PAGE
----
Real estate investment and management firm Jones Lang LaSalle (JLL) said in its latest report on Egypt that the market exhibited positive performance during the third quarter (Q3) of 2015, despite devaluation of the Egyptian pound.
The report said the retail and hospitality sectors continued to perform slowly but have shown steady growth in the same quarter. The completion of the New Suez Canal extension was seen by JLL as creating development opportunities in the sector.
Daily News Egypt interviewed JLL Egypt Director Ayman Sami to discuss his outlook for 2016 as well as the challenges and opportunities in the real estate sector.
We are quite optimistic with regards to the real estate sector in general in 2016.
We cannot say that all activities will perform the same way. We are currently monitoring the residential, offices, retail, and hotels markets.
From your viewpoint, what are the major challenges the sector is facing?
Hotels have been the hardest hit asset class due to the reduced level of tourism, affecting both room rates and occupancy. However we are expecting this to improve as stability returns to the country slowly.
Residential real estate continues to act as a hedge against devaluation of the currency and is considered as a safe haven for investment. Demand continues to be strong here, driven by the large number of marriages and the high population growth. Although prices have soared to unprecedented levels, both developers and government are working on solutions to make the housing units more affordable.
One approach was the Private Public Partnership, which is a method whereby both the public and private sector share the development risk and profits. This is a good method to prevent speculation over the land prices. Developers are also working on resising the units or extending payment terms to make the units more affordable.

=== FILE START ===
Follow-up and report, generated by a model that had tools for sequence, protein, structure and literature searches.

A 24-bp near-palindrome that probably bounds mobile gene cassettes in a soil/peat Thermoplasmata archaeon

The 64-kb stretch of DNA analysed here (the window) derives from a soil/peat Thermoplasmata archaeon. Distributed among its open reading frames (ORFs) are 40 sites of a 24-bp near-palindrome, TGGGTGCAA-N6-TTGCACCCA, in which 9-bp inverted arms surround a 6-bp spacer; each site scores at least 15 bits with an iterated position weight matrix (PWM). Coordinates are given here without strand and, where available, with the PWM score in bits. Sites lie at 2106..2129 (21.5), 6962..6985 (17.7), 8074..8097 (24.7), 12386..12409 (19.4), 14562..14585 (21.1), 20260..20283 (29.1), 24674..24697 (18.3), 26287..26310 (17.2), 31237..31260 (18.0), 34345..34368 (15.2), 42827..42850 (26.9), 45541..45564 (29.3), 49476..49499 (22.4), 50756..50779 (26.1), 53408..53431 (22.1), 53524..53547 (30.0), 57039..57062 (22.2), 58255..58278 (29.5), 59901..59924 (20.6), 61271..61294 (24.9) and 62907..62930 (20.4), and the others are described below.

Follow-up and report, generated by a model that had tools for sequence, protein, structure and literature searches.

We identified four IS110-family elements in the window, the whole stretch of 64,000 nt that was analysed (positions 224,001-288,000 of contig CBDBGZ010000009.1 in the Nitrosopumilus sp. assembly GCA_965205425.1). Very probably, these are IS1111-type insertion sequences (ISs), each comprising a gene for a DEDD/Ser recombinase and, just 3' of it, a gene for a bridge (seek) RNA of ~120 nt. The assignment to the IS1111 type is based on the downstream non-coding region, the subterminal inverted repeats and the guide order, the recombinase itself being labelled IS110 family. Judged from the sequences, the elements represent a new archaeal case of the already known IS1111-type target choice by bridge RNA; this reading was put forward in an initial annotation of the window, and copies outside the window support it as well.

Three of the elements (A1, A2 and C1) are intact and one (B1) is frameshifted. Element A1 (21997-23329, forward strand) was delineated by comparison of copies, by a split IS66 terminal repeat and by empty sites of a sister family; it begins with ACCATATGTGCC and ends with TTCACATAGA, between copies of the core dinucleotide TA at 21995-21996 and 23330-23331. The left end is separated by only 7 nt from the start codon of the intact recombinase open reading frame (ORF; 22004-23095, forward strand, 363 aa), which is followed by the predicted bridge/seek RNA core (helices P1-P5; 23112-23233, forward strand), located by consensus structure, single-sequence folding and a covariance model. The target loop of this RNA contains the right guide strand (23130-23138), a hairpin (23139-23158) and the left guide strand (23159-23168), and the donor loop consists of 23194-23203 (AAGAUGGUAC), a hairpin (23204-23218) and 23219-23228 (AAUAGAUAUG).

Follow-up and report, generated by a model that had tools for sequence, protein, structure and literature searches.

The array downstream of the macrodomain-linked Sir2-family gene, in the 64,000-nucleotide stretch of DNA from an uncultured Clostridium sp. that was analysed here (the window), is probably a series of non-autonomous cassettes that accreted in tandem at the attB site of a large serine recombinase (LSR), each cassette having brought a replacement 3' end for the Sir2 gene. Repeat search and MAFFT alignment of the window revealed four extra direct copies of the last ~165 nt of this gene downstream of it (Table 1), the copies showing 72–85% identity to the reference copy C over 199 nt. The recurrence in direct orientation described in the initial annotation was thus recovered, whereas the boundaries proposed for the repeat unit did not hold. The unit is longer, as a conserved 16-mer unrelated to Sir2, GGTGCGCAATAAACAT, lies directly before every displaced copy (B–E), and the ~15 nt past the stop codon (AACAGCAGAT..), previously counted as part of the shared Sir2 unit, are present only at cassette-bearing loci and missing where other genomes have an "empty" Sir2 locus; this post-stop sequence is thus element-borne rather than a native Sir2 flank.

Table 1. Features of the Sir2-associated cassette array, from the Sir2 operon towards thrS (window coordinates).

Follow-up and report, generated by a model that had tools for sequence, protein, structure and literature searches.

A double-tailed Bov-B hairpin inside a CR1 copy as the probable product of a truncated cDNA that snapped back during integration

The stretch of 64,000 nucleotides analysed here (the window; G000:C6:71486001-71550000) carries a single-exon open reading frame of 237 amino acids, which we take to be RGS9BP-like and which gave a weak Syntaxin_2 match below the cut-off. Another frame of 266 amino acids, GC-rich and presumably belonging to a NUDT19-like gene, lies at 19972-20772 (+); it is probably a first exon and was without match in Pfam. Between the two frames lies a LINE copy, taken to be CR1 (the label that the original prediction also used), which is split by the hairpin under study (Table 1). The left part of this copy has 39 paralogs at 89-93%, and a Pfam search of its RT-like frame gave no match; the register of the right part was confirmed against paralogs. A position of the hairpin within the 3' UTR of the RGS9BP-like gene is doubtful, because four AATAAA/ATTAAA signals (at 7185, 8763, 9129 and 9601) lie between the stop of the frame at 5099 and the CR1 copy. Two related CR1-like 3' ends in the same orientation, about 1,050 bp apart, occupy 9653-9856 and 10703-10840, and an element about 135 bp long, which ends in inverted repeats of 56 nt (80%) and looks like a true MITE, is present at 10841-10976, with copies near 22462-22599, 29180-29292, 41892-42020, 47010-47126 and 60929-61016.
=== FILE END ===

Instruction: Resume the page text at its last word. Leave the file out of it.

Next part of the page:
How are the government’s mega real estate projects, such as the Cairo Administrative Capital and Arabtec’s 1m housing units projects, influencing the sector?
The new administrative capital, in my view, is the natural extension of the city and it will develop anyways at least partially and the evidence is that major developers have already started to develop future city and parcels on the edge of New Cairo.
With regards to affordable housing and Arabtec, this is not only a challenge in Egypt, but everywhere worldwide. Affordable housing requires many aspects to make it successful and it has many inputs including the price of land, construction cost, infrastructure, etc.
In the end, the developer needs to deliver large volumes, ensure that they are sold, and should be able to generate some profit. Margins need to be thin to make the units as affordable as possible. Hence the whole mix of inputs and the selling of the project needs to occur in a very efficient manner.
We believe real estate prices will continue to increase as long as the pound is devaluing and Egypt remains at the same levels of inflation. However we are currently witnessing a slowdown in the secondary market, since they are competing against developers who have extended their payment terms further, some beyond six years.
From your viewpoint, are new regulations required to boost the sector?
With regards to regulations, I believe the land use needs to be analysed first and allocated as per the demand requirements. This will avoid market cannibalisation, which has been especially evident amongst retail developments.